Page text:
3RD LEAD (UPDATE)

Thousands gather in Hyde Park remembrance

[TamilNet, Tuesday, 25 July 2006, 13:11 GMT]
Thousands of British Tamils are gathering in London’s Hyde Park to remember the thousands of fellow Tamils massacred in the July 1983 pogrom. The event, organised by the Tamil Youth Organisation (TYO) on behalf of the expatriate Tamil community, is taking place in the centre of the Royal park Tuesday afternoon.



Scheduled to run from 1pm to 4pm, the event is expected to see speeches from Tamil community and human rights activists, organisers said.

The event is drawing particular attention this year in the wake of a number of attacks on Tamil civilians by Sri Lankan security forces, TYO said.

“We have to support and help protect our people now,” a TYO statement said.

The TYO has mobilised hundreds of youth volunteers to assist the crowd in the park, distribute placards and supply water.

Many people are carrying placards with pictures of of LTTE leader Vellupillai Pirapaharan. Small flags of the Tamil colours, red and yellow, are fluttering in many people’s hands.

With the event yet to begin, thousands of people are sheltering in the shade of Hyde Park’s famous trees. The green grass of the famous park has been scorched brown by several days of sunny heat.

Tamils gather at Hyde Park, London, to mark 23rd anniversary of Black July 1983 Genocide


The crowd was addressed by several speakers, including Selvam Adaikalanathan, TNA MP and Karen Parker, an internationally respected Human Rights lawyer.

Mr. Parker criticised the extensive human rights abuses which have taken place throughout this year. Pointing out Sri Lanka was an island in conflict she said rights abuses in times of conflict are also war crimes.

Mr. Adaikalanathan praised the Tamil diaspora for their unstinting support for the people of the Northeast during the times of conflict.

However he said that the Diaspora must help build up the emerging state in the Northeast, just as it had stood shoulder to shoulder with the Tamil liberation struggle.

The Sri Lankan state was seeking ways to crush the Tamil people and the malevolent intent behind the July 1983 riots continued today amid disappearances, killings, bombings and so on.

London


Pointing out how Sinhala jailors and inmates in Welikade jail massacred Tamil prisoners including TELO leader Kittumani and Thangathurai, Mr, Adaikalanathan, who presently leads the TELO party, said the defiance with which the Tamil people resisted Sinhala aggression then was the same today.

“You, the expatriates, helped stave off annihilation during the conflict. You helped us survive the economic embargo the Sinhala state imposed on the Tamils.”

He criticised the EU and other bans of the Liberation Tigers as onesided and hypocritical.

“Look at the reasons the international community gives for banning the LTTE. I ask you, does not what the LTTE is accused of pale into insignificance compared to the actions of the Sri Lankan state? Yet the condemn the LTTE and praise the state.”

“Look at what is happening in Middle East today. Look at the enormous civilian suffering and destruction being visited by Israel’s military. But the international community refuses to condemn that. Is this fair?”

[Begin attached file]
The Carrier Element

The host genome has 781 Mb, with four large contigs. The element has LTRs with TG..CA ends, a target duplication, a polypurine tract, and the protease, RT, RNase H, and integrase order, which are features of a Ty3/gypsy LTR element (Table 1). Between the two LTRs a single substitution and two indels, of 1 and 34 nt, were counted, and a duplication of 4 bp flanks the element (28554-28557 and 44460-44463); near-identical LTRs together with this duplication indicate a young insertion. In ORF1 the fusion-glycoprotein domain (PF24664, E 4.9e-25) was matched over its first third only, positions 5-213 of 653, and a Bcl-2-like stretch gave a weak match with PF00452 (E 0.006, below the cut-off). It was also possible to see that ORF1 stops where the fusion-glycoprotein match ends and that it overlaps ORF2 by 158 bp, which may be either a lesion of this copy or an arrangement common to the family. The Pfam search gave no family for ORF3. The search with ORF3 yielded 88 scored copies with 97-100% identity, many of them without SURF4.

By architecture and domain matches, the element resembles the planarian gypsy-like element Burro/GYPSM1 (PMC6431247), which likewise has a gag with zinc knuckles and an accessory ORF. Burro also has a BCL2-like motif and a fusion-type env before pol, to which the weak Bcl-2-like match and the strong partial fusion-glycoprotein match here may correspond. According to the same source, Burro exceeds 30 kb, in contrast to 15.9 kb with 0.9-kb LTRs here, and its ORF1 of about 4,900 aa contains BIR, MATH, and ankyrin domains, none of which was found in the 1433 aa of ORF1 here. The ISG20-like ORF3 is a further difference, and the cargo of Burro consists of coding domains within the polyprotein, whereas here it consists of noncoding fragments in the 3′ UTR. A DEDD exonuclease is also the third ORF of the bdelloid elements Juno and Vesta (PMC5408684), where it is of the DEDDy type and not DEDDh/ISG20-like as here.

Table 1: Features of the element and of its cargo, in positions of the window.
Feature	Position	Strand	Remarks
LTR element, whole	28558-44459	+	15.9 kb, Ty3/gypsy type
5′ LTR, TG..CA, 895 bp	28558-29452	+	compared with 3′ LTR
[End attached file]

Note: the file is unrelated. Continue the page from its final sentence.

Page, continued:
“We, the Tamils, have a just cause. We have every right to rule ourselves in our homeland. On what basis can they deny us this right? On what basis can the international community condemn our struggle as terrorism?”

“If we are to overcome our obstacles, we must be strong. We must stand united under one flag. We must do so until there is a place in the world every Tamil can look to as home, until Tamil Eelam is realised.”

London


The crowd was addressed by Mr. A. C. Shanthan of the British Tamil Association.

“We are gathered here to remember the thousands of people brutally killed in the July 1983 pogrom,” he said.

“We remember how Kuttumani and others had the eyes gouged out for wanting to see Tamil Eelam before they died. We remember how thousands of people were horrifically destroyed.”

“That event was a turning point. We came to realise that the Sinhala state was determined to wipe us out as a people. Not only us, but the international community became aware of the nature of the state.”

It was also a turning point because many thousands joined the liberation struggle. And India came forward to help arm and train them and to support the Tamil struggle.”

“There are two major achievements after 23 years of struggle. First, we have seen the liberation of 70% of our homeland. Secondly, a Tamil state is emerging in our homeland.”

“Still our struggle is not over. The new government of Mahinda Rajapske has been in power for six months. In that time, over five hundred Tamil civilians have been murdered. Things are getting worse every day. Horrific atrocities are taking place. Four thousand people have fled to India.”

“It is after Mahinda came to power that Army-backed paramilitaries expanded and escalated their atrocities against the Tamil people.”

“The international community does not seem to appreciate the plight of our people. Instead of helping to end the suffering and in pressuring the Sri Lanka government, it is denouncing the Tamil struggle as terrorism. The EU and Canada have recently banned the Liberation Tigers.”

“But in Canada, in Europe, everywhere our people are united in demanding an end to these bans,” he said to growing applause.

“We are gathered here today to send a message to the international community: you cannot split the Tigers and the Tamil people. They are united in their cause of liberation,” he said to enthusiastic clapping.


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